A special musical post today to celebrate the publication of Anne Barwell’s new book, Winter Duet. Anne’s compiled a playlist for us to enjoy, which I think is a first here on the blog. I’m handing over now to Anne to explain the significance of her playlist, and then I’m off to listen. Enjoy!!
Thanks for hosting me today, Anna.
I always have music playing when I write. Sometimes it’s just background music and whatever is on the radio while at other times it’s my writing soundtrack—music that puts in the mood for whatever I’m working on. The playlist/soundtrack for Winter Duet, book 2 of my WII Echoes Rising series, has two different parts to it. There is the music that is mentioned in the story itself, and the music I had playing when I wrote it. The latter is more character based, and most of the music is from a later time than 1944 when the book is set. Sometimes the lyrics work really well, for others it’s just the feel of the music.
I figured I’d mix up the order a bit—some of these are story specific, others are part of the soundtrack for the series. There are also a couple of New Zealand artists in the mix although they’re not just for Leo, the downed RAF pilot they meet in the Black Forest.
I had fun looking for the Youtube links, and hearing all this music again brought back memories of when I was writing the book. I’m going to miss these guys once the final book—Comes of Horseman—is published in August.
Frühlingstraum from Winterreise – Schubert
When You Say Nothing At All – Ronan Keating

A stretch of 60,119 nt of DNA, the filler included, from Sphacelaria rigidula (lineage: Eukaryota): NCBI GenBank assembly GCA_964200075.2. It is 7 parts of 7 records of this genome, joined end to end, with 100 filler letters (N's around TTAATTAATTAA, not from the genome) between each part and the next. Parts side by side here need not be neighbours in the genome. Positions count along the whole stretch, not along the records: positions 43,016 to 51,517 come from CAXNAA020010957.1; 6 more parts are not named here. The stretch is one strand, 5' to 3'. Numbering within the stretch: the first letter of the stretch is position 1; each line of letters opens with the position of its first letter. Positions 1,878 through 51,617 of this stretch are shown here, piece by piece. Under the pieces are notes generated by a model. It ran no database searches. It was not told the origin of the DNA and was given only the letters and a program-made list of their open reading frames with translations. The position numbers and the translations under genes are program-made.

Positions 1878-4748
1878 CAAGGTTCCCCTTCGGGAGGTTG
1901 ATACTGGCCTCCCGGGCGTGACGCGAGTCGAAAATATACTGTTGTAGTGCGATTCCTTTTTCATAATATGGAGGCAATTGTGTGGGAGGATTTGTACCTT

The Magic Flute (Overture) – Mozart
The Sounds of Silence – Simon and Garfunkle
Touch of Your Hand – Glass Tiger
Lean on Me – Bill Withers
Sway – Bic Runga
All It Takes – Stellar
There You’ll Be – Faith Hill
String of Pearls – Glenn Miller
Echoes Rising book 2 – Sequel to Shadowboxing
Hunted for treason and the information Kristopher carries, he and Michel leave the security of their safe house to journey across Germany toward Switzerland. Caught in a series of Allied bombings, they stop to help civilians and narrowly escape capture by German forces.
While investigating a downed aircraft in the Black Forest, the two men discover an injured RAF pilot. After they are separated, Kristopher and the pilot are discovered by a German officer who claims he is not who he appears to be. Determined to find Michel again, Kristopher has to trust the stranger and hope he is not connected to those searching for him and the information he carries. Meanwhile Michel is intercepted by one of the Allied soldiers he met in Berlin. His help is needed to save one of their own.
Time quickly runs out. Loyalties are tested and betrayed as the Gestapo closes in. Michel can only hope they can reach safety before information is revealed that could compromise not only his and Kristopher’s lives, but those of the remaining members of their team—if it is not already too late.
Kristopher jerked awake with a start. Michel was leaning over him. His expression was grim. “What’s wrong? What’s happened?” Kristopher asked. They’d been in Feuerbach less than twenty-four hours. Surely Reiniger hadn’t found them already?
Before Michel could answer, a loud explosion sounded nearby. Kristopher was on his feet immediately, reaching for his gun, his eyes adjusting to the dim light of the flashlight Michel held. The wooden beams groaned. The building shook. Dust fell from the ceiling. He grabbed his satchel, not wanting to leave it behind.
“Bombing raid,” Michel said, already on the stairs of the apartment building, heading outside. Kristopher was only a couple of steps behind him. The wailing of sirens echoed around them. “We need to get out of here.”
Outside, people were running. A woman screamed. A baby’s wail filled the air. The top story of the building next door was gone, rubble lying in the street in big chunks.